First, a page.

Understanding Temporary Protected Status (TPS)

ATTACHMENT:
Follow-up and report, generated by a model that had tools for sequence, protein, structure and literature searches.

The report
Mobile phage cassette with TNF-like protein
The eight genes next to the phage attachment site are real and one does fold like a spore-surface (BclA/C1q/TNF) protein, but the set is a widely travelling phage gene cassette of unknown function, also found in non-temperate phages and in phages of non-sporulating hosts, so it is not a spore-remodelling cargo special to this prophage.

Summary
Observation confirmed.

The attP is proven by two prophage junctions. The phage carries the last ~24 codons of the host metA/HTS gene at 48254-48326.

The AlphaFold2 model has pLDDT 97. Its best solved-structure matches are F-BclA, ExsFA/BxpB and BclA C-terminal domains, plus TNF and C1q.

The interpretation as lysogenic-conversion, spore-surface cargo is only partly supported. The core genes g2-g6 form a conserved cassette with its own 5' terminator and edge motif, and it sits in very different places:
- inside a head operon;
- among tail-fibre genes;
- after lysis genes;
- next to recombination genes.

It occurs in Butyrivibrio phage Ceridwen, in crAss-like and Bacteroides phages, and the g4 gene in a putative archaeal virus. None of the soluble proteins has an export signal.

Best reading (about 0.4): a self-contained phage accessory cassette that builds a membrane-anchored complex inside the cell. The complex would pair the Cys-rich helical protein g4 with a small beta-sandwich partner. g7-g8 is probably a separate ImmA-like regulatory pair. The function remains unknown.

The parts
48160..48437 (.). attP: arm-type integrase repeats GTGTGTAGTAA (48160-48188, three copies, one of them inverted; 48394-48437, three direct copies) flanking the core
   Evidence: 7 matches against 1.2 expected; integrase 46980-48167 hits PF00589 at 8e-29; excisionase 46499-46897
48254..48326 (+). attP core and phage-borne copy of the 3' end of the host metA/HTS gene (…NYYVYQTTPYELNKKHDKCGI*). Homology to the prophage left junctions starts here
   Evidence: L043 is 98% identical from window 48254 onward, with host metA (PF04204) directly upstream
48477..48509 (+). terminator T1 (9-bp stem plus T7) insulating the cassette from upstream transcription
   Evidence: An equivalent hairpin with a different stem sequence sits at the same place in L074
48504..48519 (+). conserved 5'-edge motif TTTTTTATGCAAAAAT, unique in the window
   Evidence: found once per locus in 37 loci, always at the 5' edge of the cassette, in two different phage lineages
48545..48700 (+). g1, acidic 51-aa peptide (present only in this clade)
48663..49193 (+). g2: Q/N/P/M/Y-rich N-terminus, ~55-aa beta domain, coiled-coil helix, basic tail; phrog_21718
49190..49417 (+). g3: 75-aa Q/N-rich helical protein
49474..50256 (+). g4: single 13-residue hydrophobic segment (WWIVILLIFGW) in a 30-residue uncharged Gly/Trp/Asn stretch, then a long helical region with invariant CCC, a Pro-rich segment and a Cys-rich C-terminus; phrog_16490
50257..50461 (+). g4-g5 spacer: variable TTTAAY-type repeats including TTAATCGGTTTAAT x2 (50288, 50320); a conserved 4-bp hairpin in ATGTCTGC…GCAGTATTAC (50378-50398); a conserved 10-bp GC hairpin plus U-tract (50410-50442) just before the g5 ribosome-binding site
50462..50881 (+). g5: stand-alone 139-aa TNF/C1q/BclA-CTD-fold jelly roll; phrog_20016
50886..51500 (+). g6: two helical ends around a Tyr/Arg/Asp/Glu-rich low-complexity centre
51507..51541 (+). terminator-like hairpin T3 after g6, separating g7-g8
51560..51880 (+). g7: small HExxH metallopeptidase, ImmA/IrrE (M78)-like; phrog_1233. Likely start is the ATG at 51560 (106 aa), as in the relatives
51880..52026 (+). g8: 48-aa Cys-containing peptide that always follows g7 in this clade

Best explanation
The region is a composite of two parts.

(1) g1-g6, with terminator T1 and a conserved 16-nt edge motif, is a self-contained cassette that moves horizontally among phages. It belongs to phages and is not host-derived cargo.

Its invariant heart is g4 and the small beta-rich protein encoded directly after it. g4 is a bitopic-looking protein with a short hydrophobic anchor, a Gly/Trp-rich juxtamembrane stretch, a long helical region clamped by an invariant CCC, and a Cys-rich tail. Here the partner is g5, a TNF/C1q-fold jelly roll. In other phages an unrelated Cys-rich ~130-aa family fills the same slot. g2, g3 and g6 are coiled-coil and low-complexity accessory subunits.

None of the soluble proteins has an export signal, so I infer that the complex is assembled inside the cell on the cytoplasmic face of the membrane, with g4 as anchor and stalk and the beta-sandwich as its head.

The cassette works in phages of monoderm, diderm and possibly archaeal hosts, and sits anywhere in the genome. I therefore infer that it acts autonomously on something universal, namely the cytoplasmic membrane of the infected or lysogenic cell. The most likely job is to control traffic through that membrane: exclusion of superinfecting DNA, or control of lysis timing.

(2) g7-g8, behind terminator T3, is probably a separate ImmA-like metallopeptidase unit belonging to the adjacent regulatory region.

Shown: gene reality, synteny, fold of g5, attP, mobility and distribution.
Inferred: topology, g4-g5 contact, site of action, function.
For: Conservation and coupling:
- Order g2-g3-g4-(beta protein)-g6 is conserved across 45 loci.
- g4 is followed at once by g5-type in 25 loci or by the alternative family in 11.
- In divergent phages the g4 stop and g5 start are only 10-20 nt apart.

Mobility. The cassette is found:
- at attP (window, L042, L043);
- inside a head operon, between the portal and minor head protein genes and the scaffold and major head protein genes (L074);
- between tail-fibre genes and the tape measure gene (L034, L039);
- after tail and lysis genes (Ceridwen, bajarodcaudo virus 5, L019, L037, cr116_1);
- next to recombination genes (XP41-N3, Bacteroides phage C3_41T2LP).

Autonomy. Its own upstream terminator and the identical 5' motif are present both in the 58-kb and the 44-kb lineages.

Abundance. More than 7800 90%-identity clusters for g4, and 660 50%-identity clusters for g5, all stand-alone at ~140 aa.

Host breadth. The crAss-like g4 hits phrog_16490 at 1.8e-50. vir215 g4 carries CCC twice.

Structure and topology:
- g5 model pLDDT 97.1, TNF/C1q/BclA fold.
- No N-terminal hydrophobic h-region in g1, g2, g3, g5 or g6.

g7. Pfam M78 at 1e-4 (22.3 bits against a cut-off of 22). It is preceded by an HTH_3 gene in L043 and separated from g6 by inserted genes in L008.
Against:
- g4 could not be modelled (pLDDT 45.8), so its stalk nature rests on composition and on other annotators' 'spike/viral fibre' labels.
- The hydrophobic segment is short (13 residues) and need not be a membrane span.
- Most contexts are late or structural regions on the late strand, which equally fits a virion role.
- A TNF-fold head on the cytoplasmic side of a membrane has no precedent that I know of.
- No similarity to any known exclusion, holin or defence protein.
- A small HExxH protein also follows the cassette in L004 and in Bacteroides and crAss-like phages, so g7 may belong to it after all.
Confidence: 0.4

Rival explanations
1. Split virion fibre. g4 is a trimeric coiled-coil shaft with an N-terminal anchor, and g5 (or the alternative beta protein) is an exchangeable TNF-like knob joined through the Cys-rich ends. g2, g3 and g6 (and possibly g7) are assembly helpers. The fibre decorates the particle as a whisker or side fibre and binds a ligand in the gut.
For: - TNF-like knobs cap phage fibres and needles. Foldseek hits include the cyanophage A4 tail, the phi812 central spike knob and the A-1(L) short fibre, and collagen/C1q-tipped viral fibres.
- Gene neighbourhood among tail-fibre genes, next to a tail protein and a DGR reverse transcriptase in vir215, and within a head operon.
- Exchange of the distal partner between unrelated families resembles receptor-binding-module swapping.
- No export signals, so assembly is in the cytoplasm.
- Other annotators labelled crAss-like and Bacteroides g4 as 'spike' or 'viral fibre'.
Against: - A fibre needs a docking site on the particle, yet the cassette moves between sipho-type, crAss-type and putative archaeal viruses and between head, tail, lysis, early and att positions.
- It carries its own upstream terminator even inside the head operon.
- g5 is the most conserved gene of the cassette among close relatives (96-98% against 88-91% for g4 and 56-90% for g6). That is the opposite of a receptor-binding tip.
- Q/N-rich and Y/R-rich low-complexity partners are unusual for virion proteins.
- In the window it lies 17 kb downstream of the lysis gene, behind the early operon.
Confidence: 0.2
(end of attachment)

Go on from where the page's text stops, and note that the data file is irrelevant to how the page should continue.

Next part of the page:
As the title indicates, TPS is only temporary relief for temporary conditions. The Secretary of Homeland Security designates which countries are designated for TPS as well as when that designation expires. Some of the countries that are currently designated for TPS at the time of this writing include Syria, Somalia, Haiti, El Salvador, Yemen, Nepal, Nicaragua, Sudan, and South Sudan. The Secretary of Homeland Security may designate a country for TPS based on an ongoing conflict like a civil war, an environmental disaster like an earthquake or tsunami, or some other temporary and extraordinary situation. If an individual from a TPS designated country is found initially eligible for relief upon a preliminary review of their case, he or she will be protected from removal from the US, may seek an Employment Authorization Document (EAD) that will allow them to work in the US during their stay, and they may be granted travel authorization. In order to be eligible, an applicant must be a national of a TPS designated country, they must be currently in the United States, have Currently Resided (CR) in the US since a date designated by USCIS, have been Continuously Physically Present (CPP) here since their country’s most recent TPS designation date, and they must file for TPS during the initial open registration period or a designated re-registration period (or qualify for late initial filing). Applicants will need to show evidence of their identity, nationality, date of entry, and continuous residence in the US. They may be automatically disqualified from TPS if they have a criminal record (one or more felony OR two or more misdemeanors), are found inadmissible based on security grounds, or if the applicant is subject to any mandatory bars to asylum. Once an applicant is granted TPS, they will also be protected from being detained by the Department of Homeland Security on the basis of their immigration status. They should receive an EAD and will be able to remain in the US until their country’s TPS designation expires (the initial designation will last between 6 and 18 months, but it can be extended). Keep in mind, TPS is truly a temporary solution. It does not provide any route or specific right to obtain residency or any other immigration status. Those who are granted TPS, however, may actively seek to apply for nonimmigrant status, file for an adjustment of status, apply for other immigration protections for which they may be eligible. Applying for and maintaining Temporary Protected Status is a complex process, and with so much at stake it is important that you consult with an experienced immigration attorney regarding your eligibility and application for TPS. If you are denied TPS after applying, your attorney can also assist you with an appeals process. To learn more about TPS or for legal assistance with all aspects of the US immigration process, please contact the attorneys at Landerholm Immigration today.

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